On February 16,2012, the committee held a hearing on the Department of Health and Human Services's regulation requiring insurance plans to cover birth control, which Darrell Issa believed to be a violation of the religious freedom of people who oppose the use of birth control.


Democratic members submitted attorney and activist Sandra Fluke as a witness for promoting women's health, but Darrell Issa did not permit her to testify, saying her name was submitted too late, a claim Democrats challenged.


In July 2017, Darrell Issa introduced the CLASSICS Act to Congress in a bipartisan effort to empower artists by collecting royalties for the preceding three-year period and by ensuring their creative rights remain in force for pre-1972 recordings just as newer artists are guaranteed by current legislation.


Darrell Issa has been a consistent cosponsor of the Fair Play Fair Pay Act as well; granting radio performance rights for musicians and record producers.


In September 2011, a liberal advocacy and lobbying group, American Family Voices, filed a complaint with the Office of Congressional Ethics against Darrell Issa, alleging he had repeatedly used his position of authority on the Oversight Committee to improperly intervene in dealings with Goldman Sachs, Merrill Lynch, and DEI Holdings, all of which Darrell Issa is associated with in some way.


Darrell Issa supported the overturning of Roe v Wade, calling the day the decision was made a "great day for the cause and principle of life".


Darrell Issa came to national prominence in 2003 when he contributed more than $1.6 million to help fund a signature-gathering drive for the petition to recall California Governor Gray Davis.


At the time he made the contribution, it was widely believed that Darrell Issa intended to run to replace Davis.


Darrell Issa later said his mission had been accomplished with Davis's recall and that he wanted to continue to represent his district in Congress and work toward Middle East peace.


Darrell Issa endorsed Schwarzenegger, who won the governorship when Davis was recalled.


Darrell Issa voted against an amendment, which ultimately failed narrowly, that stated that religious corporations, associations and institutions that receive federal contracts cannot be discriminated against on the basis of religion.


Darrell Issa attracted attention for his close relationship with and strong support for Donald Trump during the 2016 presidential election.


In early February 2017, Darrell Issa expressed his support for a special prosecutor to look into Trump's ties to Russia.


Darrell Issa said he believed Russia meddled with the 2016 election.


Darrell Issa supported Trump's firing of Comey and that said the US should focus on other issues.


On January 7,2021, after Trump supporters stormed the US Capitol building, Darrell Issa voted to reject the certification of Pennsylvania's electoral votes in the 2020 presidential election.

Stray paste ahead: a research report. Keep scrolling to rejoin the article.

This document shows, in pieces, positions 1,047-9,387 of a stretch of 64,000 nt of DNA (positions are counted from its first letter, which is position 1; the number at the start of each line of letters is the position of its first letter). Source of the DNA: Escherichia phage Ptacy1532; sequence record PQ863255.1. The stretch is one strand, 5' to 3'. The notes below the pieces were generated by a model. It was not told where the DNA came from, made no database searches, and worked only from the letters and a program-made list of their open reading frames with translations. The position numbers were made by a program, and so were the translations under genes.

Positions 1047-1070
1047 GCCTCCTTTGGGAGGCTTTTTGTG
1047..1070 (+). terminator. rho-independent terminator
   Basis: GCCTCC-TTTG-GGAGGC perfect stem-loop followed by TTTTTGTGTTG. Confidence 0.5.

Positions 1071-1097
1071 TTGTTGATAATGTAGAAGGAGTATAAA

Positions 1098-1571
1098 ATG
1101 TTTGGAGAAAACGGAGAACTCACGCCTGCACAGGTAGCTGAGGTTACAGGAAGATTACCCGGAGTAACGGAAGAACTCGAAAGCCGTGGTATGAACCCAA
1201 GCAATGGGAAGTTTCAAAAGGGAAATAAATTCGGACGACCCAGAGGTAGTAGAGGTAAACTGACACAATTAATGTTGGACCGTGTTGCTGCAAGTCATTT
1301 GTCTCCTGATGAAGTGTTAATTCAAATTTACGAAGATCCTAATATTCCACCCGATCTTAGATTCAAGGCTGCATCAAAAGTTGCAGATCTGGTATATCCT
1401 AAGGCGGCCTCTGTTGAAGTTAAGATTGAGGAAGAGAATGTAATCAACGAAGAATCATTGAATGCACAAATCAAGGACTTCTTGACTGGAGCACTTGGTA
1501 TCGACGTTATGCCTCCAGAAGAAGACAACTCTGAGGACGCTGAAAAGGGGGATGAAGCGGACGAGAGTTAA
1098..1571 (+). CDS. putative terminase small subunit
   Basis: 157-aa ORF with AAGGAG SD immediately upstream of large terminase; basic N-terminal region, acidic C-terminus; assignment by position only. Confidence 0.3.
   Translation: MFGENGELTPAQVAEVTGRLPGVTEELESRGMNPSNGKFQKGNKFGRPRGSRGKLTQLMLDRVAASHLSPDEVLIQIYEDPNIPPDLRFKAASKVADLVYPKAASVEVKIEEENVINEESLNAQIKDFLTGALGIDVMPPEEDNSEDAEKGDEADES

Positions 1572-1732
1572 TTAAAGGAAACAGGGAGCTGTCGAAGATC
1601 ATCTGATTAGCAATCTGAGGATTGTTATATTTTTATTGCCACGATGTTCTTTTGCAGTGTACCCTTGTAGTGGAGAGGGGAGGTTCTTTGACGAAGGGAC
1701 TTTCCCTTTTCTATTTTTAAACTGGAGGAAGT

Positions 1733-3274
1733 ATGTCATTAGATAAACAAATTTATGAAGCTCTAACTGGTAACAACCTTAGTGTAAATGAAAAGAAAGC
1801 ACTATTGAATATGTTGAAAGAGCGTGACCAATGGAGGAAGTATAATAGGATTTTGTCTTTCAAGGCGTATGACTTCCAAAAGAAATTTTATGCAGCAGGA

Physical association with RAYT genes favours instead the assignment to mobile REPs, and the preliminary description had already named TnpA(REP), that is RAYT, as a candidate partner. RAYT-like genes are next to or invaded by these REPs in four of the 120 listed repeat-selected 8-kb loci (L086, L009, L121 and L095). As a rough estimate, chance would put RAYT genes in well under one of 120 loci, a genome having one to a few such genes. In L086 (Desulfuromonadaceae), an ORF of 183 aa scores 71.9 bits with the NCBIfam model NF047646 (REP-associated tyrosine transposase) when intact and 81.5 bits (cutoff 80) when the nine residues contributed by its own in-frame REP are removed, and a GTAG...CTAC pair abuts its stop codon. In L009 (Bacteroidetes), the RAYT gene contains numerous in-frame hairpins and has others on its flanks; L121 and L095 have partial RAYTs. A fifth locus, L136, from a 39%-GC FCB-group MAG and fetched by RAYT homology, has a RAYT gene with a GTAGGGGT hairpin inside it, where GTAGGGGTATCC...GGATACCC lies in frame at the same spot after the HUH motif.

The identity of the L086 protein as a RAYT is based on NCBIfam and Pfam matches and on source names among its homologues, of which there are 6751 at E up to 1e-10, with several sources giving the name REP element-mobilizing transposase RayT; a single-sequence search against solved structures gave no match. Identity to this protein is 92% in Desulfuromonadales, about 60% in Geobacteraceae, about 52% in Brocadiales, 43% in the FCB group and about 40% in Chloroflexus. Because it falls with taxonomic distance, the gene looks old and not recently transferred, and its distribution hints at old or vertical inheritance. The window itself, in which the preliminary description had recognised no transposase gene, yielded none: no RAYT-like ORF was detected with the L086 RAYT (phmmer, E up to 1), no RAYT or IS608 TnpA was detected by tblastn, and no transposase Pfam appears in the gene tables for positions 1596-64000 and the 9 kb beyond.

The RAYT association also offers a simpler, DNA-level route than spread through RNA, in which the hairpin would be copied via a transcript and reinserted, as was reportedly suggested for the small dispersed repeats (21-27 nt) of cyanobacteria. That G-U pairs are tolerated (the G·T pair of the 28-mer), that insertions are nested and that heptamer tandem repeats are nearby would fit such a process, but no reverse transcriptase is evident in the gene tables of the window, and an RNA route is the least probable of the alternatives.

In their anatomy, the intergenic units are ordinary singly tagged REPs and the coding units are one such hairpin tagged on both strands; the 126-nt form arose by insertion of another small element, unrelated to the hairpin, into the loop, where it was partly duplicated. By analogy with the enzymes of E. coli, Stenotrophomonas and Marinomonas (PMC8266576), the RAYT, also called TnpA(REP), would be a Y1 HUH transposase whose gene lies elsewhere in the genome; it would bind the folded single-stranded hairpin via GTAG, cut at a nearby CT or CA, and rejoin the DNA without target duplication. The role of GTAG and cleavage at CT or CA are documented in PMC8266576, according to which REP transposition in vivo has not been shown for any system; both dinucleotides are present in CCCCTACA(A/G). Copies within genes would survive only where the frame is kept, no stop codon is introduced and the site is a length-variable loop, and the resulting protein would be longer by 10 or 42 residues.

Darrell Issa voted against impeaching Trump on an articles of impeachment for "incitement of insurrection" in the aftermath of the attack on the Capitol.


In May 2021, Darrell Issa voted against the creation of an independent commission to investigate the January 6 attack.


Darrell Issa called Obama's unwillingness to investigate Climategate "unconscionable" and an abdication of responsibility.


In 2001, Darrell Issa voted for the authorization of the PATRIOT Act and the creation of the Department of Homeland Security.


Darrell Issa voted to reauthorize the Patriot Act in 2005 after successfully amending it to require judicial notification, reporting requirements and facts justifying the use of roving surveillance at new facilities or places.


Darrell Issa had a significant role in US peace initiatives in the Middle East.


Darrell Issa traveled to Lebanon and Syria in an effort to negotiate the end of the Syrian occupation of Lebanon.


In June 2021, Darrell Issa was one of 49 House Republicans to vote to repeal the Authorization for Use of Military Force Against Iraq Resolution of 2002 against Iraq.


Darrell Issa favors repealing the Patient Protection and Affordable Care Act, and voted in support of the budget resolution to repeal it in January 2017.


On May 4,2017, Darrell Issa voted to repeal Obamacare and pass the American Health Care Act.


The group was unhappy about a photo in which Darrell Issa stood "front and center" in tribute to Republicans' success in passing the AHCA.


Darrell Issa voted against the Tax Cuts and Jobs Act of 2017.


Darrell Issa was one of two California Republicans to vote against the bill, alongside Dana Rohrabacher.


Darrell Issa opposed the Stop Online Piracy Act because of the amount of discretion it would give the Department of Justice.